The Living Dead

The Living Dead, by George A. Romero and Daniel Kraus, is a zombie horror novel set in present-day USA. The story is told from multiple viewpoints, but we begin with two medical examiners who make the discovery of a body that seemingly returns to life. This is the beginning of a mass zombie apocalypse which is set to spread across America and bring together the lives of people who may have otherwise never been destined to meet.

As the outbreak spreads, more and more people are affected by it, but we begin with the characters having little to no way of identifying the beings which are appearing to return to life. They turn to the internet, radio stations and the television to try and warn the public of what is coming, with varying degrees of success. This highlights the use of media and the contrast between those who put it to use and those who rely on it as a platform for their own vanity.

The story progresses, with the now-identified zombies appearing to take over the Earth. The characters end up crossing paths in unexpected ways which later leads to them forming groups in order to survive. The groups culminate in a hierarchy being established, from which members enter and leave of their own accord. Some do so voluntarily, but others are forced out because of the influence they attempt to hold over the group which puts their lives at risk at certain points in the book.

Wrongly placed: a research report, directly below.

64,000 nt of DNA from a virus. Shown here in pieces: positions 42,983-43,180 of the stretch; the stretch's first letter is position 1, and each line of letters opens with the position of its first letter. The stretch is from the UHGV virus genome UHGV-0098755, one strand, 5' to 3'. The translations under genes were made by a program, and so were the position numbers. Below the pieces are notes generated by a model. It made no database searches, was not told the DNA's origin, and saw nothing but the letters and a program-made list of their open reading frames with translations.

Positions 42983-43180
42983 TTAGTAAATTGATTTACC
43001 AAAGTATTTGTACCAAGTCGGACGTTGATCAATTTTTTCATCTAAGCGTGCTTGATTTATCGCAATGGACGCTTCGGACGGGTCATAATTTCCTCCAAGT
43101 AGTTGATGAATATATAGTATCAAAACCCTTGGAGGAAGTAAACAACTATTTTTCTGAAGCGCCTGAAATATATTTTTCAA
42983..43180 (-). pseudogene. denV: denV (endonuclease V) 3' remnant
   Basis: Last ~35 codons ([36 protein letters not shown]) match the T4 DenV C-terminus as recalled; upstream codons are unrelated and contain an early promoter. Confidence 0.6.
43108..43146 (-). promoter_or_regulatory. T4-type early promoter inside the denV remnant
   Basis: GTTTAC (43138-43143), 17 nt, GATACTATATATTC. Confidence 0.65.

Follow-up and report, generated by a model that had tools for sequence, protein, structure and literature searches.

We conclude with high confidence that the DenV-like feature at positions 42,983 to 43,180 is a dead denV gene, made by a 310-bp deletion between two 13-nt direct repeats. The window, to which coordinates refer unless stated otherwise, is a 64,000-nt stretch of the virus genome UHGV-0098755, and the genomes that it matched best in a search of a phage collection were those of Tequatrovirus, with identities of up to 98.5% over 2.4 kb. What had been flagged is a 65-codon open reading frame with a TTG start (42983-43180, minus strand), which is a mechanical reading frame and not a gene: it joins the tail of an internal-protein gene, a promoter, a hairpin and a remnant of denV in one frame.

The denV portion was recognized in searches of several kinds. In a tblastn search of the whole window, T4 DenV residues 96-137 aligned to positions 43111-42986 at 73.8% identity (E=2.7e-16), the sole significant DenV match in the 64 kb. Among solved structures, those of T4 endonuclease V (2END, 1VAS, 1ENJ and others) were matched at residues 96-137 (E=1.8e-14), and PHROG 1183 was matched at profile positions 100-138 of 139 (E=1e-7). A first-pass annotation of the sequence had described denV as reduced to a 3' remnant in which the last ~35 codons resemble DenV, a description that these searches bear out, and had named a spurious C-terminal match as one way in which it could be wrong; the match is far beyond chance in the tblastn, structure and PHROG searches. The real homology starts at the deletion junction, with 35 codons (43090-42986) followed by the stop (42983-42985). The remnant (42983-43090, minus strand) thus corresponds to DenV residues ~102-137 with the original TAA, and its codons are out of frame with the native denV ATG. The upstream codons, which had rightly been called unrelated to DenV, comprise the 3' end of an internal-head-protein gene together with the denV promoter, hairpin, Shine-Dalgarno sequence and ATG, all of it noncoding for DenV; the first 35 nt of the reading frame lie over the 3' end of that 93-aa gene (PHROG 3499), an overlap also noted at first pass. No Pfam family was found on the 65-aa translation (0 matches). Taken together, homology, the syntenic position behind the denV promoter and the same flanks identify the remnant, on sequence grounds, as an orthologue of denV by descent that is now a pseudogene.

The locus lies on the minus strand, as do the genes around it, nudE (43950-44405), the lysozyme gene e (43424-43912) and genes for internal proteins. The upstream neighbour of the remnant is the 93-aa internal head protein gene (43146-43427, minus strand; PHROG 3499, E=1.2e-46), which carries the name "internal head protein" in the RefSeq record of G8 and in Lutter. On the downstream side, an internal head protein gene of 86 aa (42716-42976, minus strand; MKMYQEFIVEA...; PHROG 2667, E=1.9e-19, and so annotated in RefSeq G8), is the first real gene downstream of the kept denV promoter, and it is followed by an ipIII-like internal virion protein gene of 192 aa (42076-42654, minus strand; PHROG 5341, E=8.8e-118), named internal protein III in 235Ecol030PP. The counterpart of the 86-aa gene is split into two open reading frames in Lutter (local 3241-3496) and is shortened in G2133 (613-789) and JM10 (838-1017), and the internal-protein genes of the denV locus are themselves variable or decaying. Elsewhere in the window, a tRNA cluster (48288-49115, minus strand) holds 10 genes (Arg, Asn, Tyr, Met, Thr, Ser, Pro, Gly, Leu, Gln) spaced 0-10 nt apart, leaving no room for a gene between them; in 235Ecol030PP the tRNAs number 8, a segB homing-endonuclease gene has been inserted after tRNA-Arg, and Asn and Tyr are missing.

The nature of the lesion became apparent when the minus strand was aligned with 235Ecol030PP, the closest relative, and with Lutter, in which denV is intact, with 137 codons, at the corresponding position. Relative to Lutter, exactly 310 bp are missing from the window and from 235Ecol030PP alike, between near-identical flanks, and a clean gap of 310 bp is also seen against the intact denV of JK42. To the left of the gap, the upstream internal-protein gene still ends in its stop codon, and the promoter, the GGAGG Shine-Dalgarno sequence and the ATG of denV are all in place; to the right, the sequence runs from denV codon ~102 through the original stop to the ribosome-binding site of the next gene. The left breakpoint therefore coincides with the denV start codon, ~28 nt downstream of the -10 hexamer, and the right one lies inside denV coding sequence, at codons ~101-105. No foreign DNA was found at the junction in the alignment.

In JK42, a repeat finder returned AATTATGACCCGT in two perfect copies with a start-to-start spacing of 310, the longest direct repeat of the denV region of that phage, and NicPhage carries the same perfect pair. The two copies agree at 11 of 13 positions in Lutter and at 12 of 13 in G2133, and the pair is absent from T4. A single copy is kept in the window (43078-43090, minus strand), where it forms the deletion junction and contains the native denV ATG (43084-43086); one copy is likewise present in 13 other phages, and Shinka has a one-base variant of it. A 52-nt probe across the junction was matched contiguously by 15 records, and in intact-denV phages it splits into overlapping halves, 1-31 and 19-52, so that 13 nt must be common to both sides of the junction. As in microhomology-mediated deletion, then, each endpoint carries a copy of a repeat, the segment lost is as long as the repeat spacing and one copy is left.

However, as the story continues, an interesting theme begins to emerge. Rather than the zombies being portrayed as monsters, they are viewed in a new light by some of the group members/main characters. Instead of killing them, they try to respect them and discover that the zombies are merely animals who are functioning on instinct. They have no desire to kill, only to feed and remember the lives they have left behind. Instead, the characters are portrayed as the true monsters, turning against each other on a whim and seeking power and adoration for its own sake. All the zombies have done is highlight the things that should really matter.

When I first saw this book, I immediately wanted to read it. I love George Romero’s work and Day of the Dead is one of my favourite zombie films. This did not disappoint and despite the book’s length, both Romero and Kraus have an ability to keep the reader invested in the characters from start to finish.

The length is both a positive and negative, depending on how invested the reader becomes in the story. Some may find it off-putting and wish for a similar, more condensed version. Others will love it and not want it to end. For me, I think a balance could be achieved by having less background information and more action, but it would be difficult to figure out where. The book is so multi-layered and carried me along at a steady pace.

I received a free copy of this book in exchange for an honest review. It is available on Amazon, and I also highly recommend the audiobook, read by Bruce Davison and Lori Cardille. Their voices bring the story to life.

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